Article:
A strong earthquake rattled the coast of New Zealand's North Island, triggering a small tsunami but not causing any major damage or injuries.
The magnitude-7.1 quake struck just over 100 miles north-east of the city of Gisborne at a depth of 12 miles, according to the United States Geological Survey.
It was widely felt throughout the North Island and was followed by a series of aftershocks.
Bill Martin, the owner of a holiday park in Te Araroa, a remote coastal community that was among those most affected by the quake, said he was woken by the jolt a little before 5am local time on Friday.
"It was very violent," he said. "It lasted maybe about 10 seconds but it seemed like an eternity."
He said the quake sent some of his household ornaments crashing from their shelves and knocked over bottles.
Mr Martin said many residents drove up to into the hills after emergency management authorities issued a tsunami warning, which was later cancelled.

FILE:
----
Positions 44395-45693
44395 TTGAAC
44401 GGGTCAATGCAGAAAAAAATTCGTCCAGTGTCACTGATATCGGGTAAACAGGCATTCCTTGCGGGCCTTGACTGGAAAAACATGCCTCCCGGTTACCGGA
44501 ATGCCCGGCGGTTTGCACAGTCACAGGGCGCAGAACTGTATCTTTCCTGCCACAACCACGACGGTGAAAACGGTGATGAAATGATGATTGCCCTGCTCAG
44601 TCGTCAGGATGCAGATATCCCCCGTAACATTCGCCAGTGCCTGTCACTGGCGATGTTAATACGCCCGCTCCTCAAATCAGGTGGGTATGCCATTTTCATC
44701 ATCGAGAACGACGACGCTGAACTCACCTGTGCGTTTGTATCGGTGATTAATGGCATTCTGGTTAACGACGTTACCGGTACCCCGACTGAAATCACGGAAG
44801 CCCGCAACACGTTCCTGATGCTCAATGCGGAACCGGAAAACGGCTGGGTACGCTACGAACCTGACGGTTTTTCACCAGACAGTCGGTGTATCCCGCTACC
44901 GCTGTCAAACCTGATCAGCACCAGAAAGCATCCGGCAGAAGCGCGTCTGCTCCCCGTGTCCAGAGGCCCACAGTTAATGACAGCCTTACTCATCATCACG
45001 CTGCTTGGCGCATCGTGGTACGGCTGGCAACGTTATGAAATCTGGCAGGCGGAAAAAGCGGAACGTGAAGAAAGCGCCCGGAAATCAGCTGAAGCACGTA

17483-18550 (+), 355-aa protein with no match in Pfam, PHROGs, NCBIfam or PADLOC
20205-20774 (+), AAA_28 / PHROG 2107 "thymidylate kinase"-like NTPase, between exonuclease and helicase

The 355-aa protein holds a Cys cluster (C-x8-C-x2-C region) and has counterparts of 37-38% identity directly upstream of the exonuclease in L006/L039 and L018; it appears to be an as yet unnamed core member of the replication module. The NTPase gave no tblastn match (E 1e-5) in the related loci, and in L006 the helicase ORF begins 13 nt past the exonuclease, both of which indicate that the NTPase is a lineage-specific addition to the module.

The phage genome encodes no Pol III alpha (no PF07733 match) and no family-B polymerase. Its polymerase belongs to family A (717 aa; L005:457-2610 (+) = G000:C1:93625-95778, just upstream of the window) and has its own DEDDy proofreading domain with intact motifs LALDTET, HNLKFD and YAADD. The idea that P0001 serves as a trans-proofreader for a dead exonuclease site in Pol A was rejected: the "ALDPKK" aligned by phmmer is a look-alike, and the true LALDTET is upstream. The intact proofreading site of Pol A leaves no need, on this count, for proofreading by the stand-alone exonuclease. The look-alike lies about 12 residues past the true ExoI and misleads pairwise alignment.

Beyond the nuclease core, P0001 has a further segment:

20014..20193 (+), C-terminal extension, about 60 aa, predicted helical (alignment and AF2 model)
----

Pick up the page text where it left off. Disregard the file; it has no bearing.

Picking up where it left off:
He said the quakes caused plenty of turbulence in the ocean, but not any large waves. The Pacific Tsunami Warning Centre in Hawaii did not issue any wider tsunami warnings for the region.
The quake came a day after a magnitude-5.7 quake registered in the same area, 62 miles north-east of Te Araroa.
New Zealand sits on the Pacific "Ring of Fire," an arc of seismic faults around the Pacific Ocean where earthquakes are common. A 2011 earthquake in the city of Christchurch killed 185 people and caused extensive damage.